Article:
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62nd IFLA General Conference - Conference Proceedings - August 25-31, 1996

Paid Services at The Library for Foreign Literature: New Objectives, Experience, Perspectives

Olga V. Sinitsyna


Russian libraries were institutions that faced great financial problems in the country’s changing economic system in the 1980s; but their defences were very weak. Traditionally they had no sources of finance other than state or local budgets and they were never expected to earn money or raise funds. Amongst workers librarians were the poorest in terms of salary and also the most conservative i n terms of changing their approach to their profession and abilities.

The very idea of charging for some library services was considered as shocking and indecent. There was also an important ideological reason - Lenin’s thesis: Libraries- free of charge for everyone - that didn’t allow even thinking about charging for anything in libraries. At that time the only service which was acceptable to charge for was photocopying. But libraries’ expenses began t o increase immensely. In the late 1980s it became vitally important for survival that libraries made a choice between fee or free. The new economic situation challenged us to look anew at what we had and how we were working, re-evaluating possessions and public interests from a commercial point of view. At the same time some new groups of library users were ready to pay for information, such as TV and film studios, publishers, etc.

The Library for Foreign Literature in Moscow and its Arts Department was one of the first in the country to introduce fee-based services for special user groups and then for the general public. From the very first we had to make it absolutely clear to ourselves what kind of services we could and could not charge for. We had to consider the basic principles of free and equal access to information , accepted throughout the world. We also had to consider the privileged position of our Library in terms of the foreign materials we possessed, being unique in the country by being supplied with hard currency, even in the most difficult periods of our history. In our country there were only a very few other libraries and only a few individuals who could acquire foreign publications.

This privilege made the choice even harder because from one point of view we had to share our rich collection with everybody deprived of hard currency and thus provide access to foreign publications. From another point of view, we had to preserve and maintain our collection for future generations. When in 1989 the State stopped providing the Library for Foreign Literature with hard currency we were forced to search for non-traditional sources of finance. At the same time insufficient salaries (at the time lower than the official standard of living and remaining so) made many professional librarians look for more profitable jobs and thus leave the Library. Such staffing problems helped to accelerate changes in the traditional approach to library services.

I will not speak about fund-raising in the Library in general. I will mention only that changing the Library into an International Cultural Center immediately brought about some good results. Combining traditional Russian-type public and research libraries with libraries of different foreign Cultural Centers under the same roof provided the core Library and its users not only with funds necess ary for new acquisitions, but also with access to the collections of these other libraries and their information resources. Library staff and users benefited further from this development since new information technologies and modern equipment at these centers became available to everyone.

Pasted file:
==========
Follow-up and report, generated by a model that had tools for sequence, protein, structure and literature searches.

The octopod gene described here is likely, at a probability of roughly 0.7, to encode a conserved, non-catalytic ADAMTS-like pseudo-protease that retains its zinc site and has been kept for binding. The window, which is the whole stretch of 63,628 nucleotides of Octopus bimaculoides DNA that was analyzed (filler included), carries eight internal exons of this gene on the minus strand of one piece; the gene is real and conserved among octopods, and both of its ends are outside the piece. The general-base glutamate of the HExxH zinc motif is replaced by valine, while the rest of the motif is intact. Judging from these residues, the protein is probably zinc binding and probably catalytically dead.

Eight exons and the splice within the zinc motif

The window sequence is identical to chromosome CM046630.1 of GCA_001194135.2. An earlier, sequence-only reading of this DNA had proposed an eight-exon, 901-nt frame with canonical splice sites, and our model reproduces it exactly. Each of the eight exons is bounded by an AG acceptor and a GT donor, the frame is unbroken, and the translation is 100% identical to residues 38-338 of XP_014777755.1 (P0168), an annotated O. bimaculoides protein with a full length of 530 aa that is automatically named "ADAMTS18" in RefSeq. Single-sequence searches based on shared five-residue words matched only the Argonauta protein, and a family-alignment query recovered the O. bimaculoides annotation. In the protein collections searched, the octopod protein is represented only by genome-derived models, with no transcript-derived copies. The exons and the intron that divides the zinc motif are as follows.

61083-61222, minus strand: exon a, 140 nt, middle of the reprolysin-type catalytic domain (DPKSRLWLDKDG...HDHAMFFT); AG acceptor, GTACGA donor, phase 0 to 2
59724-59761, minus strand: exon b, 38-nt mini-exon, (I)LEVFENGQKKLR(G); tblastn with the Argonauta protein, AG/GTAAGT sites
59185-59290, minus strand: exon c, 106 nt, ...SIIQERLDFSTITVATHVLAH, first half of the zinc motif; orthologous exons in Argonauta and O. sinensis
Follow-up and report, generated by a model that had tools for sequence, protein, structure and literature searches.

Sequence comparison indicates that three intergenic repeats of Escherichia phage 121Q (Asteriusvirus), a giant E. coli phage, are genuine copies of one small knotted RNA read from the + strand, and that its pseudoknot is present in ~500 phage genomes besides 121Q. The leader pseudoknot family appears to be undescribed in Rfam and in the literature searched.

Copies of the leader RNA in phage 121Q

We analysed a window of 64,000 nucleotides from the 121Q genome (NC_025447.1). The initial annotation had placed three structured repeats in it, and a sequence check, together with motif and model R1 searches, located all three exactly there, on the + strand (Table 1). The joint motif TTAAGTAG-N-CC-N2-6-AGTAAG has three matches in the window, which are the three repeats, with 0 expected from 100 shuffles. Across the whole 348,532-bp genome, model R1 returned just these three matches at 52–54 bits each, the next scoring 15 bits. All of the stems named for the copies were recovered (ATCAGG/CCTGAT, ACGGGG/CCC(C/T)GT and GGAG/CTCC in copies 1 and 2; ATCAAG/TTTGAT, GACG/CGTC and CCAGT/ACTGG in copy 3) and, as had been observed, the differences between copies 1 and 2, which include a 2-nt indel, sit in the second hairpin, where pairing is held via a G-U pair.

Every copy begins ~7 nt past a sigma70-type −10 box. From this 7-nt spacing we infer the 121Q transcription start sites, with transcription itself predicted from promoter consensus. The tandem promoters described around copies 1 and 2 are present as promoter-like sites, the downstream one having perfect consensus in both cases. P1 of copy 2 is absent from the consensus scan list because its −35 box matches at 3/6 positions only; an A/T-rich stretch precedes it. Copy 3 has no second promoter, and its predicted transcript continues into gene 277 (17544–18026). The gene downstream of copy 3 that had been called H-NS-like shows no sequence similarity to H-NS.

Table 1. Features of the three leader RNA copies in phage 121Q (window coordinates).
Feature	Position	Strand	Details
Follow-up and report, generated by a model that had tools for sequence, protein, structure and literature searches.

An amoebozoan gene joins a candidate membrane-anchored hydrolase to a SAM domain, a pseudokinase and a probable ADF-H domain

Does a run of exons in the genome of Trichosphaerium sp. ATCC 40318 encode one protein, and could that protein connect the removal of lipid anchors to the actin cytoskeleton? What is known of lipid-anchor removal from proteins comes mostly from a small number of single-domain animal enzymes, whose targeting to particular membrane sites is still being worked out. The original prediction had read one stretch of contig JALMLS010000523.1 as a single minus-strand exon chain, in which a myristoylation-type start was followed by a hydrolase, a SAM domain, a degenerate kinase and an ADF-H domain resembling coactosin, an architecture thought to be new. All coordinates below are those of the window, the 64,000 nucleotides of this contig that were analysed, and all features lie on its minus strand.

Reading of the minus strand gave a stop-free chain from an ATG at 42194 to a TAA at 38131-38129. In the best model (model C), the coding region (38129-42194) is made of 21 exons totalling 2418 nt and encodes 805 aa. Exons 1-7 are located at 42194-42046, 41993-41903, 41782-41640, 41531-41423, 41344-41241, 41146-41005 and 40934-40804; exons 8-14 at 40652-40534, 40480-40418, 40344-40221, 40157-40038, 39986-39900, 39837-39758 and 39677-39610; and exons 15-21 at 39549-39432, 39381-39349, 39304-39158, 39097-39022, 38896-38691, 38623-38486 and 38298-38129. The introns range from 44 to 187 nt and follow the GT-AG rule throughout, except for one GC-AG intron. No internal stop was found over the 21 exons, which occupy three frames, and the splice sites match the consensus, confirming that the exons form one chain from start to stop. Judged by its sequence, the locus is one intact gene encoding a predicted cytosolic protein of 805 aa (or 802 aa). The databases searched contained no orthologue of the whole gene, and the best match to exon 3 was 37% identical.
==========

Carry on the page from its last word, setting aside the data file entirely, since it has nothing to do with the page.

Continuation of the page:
The continuing low salary problem forced us to analyze our own options and resources in order to identify what sort of services we could add to the wide range of traditional library services. We didn’t want to deprive library users of anything or to make them feel unhappy in the Library which they loved. So the main problem was to find a proper balance between free and paid services. We formu lated our main approach by bearing in mind two sides of a coin: staff and users’ interests: all the traditional basic library services - receiving readers’ cards, searching in the catalogues and special card-files, ordering and using library materials, reference assistance, attending exhibitions, public lectures, meetings, etc. - are and should be free of charge. Only additional or supplemen tary services may be charged for.

The Arts Department of the Library was one of the first to examine what resources we had to offer users in addition to traditional services. We realised that not all specialized cardfiles compiled by the Department, though they are quite well presented, were widely used by readers because only a few of them had sufficient knowledge and skills in bibliographical work to conduct searches themselv es.

All the Guidelines and leaflets produced in the Library were of little help since it was always easier for the reader to ask the reference librarian for assistance than to read the Guide or to examine the samples on display. The reference librarian cannot do all searching for readers, he can only give advice on how and where to search. Rearranging the Art files in the most convenient way for use rs would be of little help either.

Iconographic searches cause even more difficulties than bibliographic searches. I do not mean ordinary requests for some well-known images or pictures of specific artists; these do not cause any problems since we have enough reference tools to help. But again the reference librarian cannot do a search on behalf of the user, as we usually have about 100 readers a day in our Department. However, i t is evident that an art librarian can do this type of search more efficiently and quickly, using the same tools as readers but adding professional skills and intuition. It was therefore obvious that we could institute image research as a fundraising additional activity.